The next day, Steve was called into the office. Steve went into the meeting with one objective, to quit. He rambled for 20 minutes about being his future, his passions, and desires to be his own boss by not chasing the almighty dollar. The only problem was the real purpose of being called into the office was to be promoted. After Steve finished his rambling. his bosses asked Steve to take 2 weeks off and they will pretend that he never said any of this and move on. The job he was being promoted to would have earned him $350k a year. To Steve, it wasn’t about money, he stuck with his promise to himself and left the company in a month after agreeing to his bosses to teach and train the person that would eventually take over his job.

During his time “off” Steve went over what he calls the deep end. Steve started selling his valuables to prepare for his next journey. In fact, he sold everything of value, except for his motorcycle, clothes and a back pack. Steve then went on an 8 month journey across the world. During his travels, Steve met a ton of people through his travels, cleared his mind by listening to podcasts, and used the internet to meet people. He spent 2 weeks traveling the US to learn businesses practices and the rest of the time backpacking Asia.

At Steve’s core, he loves giving back. He made it his mission that during his travels, he wanted to get a better understanding of B corps. B Corps are social conscious companies that have a mission to giving back.

On the last leg of his journey, Steve received an email, it was for a masters program from Lehigh University. Steve never thought about going back to school, but felt the need to invest in graduate school to regain what mattered to him most, the university network. Steve thought that if he could learn about business, while bettering his network, he was all in. What intrigued him about Lehigh’s program was that it wasn’t test based but more so experience based.Steve wrote his thesis ion what is now Hatch hHouse Ventures.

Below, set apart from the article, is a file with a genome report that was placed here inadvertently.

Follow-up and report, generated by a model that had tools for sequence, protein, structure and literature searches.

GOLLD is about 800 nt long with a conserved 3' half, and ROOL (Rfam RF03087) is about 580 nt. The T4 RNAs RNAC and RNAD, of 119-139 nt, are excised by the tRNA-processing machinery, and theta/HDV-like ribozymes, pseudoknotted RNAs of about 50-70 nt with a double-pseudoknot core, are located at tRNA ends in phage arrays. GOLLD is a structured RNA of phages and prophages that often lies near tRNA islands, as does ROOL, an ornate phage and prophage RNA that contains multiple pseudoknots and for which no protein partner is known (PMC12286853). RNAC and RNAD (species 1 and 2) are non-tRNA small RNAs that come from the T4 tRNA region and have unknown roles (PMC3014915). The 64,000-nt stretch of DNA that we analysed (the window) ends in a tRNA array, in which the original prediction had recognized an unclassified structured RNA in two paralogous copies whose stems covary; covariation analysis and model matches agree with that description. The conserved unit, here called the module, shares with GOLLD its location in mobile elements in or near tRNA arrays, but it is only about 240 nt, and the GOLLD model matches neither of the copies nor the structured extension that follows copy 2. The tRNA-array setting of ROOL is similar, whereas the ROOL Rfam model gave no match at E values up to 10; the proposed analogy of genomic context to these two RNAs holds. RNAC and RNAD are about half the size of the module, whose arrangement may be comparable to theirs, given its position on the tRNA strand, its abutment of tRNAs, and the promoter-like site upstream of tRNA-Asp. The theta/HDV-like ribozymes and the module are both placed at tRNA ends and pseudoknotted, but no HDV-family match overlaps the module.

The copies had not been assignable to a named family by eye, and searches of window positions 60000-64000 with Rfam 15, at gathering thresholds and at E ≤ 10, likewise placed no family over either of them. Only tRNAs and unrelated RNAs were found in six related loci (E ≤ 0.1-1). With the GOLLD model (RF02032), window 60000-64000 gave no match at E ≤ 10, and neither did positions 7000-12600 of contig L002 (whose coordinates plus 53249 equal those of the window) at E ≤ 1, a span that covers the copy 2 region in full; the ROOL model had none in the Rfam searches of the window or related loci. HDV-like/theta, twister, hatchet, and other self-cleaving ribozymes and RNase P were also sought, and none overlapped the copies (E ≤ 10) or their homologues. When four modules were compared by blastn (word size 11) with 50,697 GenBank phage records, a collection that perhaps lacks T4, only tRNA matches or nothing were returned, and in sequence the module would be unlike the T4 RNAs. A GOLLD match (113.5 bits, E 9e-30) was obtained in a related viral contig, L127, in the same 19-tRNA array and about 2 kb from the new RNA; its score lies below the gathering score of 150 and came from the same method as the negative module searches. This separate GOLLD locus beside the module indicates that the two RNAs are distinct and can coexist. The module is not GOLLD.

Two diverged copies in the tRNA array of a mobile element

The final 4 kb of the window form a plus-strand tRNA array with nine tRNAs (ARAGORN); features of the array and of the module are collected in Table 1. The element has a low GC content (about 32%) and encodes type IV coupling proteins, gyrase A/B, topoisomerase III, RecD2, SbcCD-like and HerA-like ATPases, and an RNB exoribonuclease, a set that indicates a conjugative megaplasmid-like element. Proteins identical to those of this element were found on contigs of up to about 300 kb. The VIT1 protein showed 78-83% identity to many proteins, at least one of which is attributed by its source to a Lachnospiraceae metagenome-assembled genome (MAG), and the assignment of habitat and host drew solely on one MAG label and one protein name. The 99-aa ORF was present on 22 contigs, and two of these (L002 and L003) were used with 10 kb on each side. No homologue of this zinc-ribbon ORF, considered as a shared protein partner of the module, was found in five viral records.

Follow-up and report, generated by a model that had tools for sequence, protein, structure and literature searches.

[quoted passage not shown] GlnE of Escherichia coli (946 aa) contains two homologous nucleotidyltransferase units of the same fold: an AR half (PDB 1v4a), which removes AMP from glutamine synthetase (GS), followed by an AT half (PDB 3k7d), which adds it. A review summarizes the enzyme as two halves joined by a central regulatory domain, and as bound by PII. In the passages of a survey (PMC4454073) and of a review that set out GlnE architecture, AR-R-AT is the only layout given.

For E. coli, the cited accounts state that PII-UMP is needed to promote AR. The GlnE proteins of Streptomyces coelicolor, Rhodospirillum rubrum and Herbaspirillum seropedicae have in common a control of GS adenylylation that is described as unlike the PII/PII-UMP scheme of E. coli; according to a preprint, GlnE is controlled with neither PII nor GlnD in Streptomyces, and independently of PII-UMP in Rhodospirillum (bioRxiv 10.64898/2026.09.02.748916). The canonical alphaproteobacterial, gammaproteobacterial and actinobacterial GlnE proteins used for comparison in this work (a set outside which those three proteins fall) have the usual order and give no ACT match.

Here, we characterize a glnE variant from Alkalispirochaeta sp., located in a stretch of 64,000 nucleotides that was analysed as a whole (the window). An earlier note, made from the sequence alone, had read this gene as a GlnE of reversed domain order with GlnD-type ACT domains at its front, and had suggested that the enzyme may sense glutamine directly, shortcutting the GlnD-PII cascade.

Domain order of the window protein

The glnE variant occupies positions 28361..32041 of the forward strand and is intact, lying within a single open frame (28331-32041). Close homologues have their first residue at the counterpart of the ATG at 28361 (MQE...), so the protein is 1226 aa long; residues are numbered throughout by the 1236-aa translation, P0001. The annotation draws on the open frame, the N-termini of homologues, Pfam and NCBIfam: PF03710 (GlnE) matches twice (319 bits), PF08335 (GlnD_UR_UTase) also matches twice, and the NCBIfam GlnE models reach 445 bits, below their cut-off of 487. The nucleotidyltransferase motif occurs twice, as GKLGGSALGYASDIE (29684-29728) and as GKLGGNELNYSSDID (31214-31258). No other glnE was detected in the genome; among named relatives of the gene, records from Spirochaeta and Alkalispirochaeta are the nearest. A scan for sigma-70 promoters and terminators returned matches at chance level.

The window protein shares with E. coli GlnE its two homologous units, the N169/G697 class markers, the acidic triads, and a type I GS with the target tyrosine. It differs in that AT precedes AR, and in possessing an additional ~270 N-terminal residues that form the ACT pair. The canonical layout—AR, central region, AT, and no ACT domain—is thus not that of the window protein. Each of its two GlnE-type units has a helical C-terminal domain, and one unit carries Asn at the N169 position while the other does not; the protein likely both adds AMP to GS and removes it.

Learn more about what Hatch House Ventures is and how it’s not just an incubator to work, but also to live.

Don’t Settle

Steve went off what he considers the deep end, but it worked for him. By traveling for over 8 months across the world, it allowed Steve to find himself. During his travels, Steve cut off everything off, and he means everything. The lease on his apartment, the selling of all of his belongings, his girlfriend at the time, and we are sure much more was let go. Steve’s goal in traveling was the thought of being  “35,45,55 and not being fulfilled. Pursue your passion and you will find ways to get revenue.” Says Steve.

Validate Your Assumptions Without Emotions

Steve cant run a business, unless he’s passionate about what he is selling. “Emotions are the biggest detriments to any startup. you get emotionally tied and vested into business. That leads to assumptions into the market that are false. Startups get their head in the sand and assume the market wants product and they may not. Validate that there is an opportunity and revenue follow.” Says the millennial entrepreneur.

Steve Boerner

Linkedin: https://www.linkedin.com/in/steveboernerhatchhouse
Twitter: https://twitter.com/hatchhouse1
Website: http://www.hatchhouseventures.com
Facebook: https://www.facebook.com/hatchhouseventures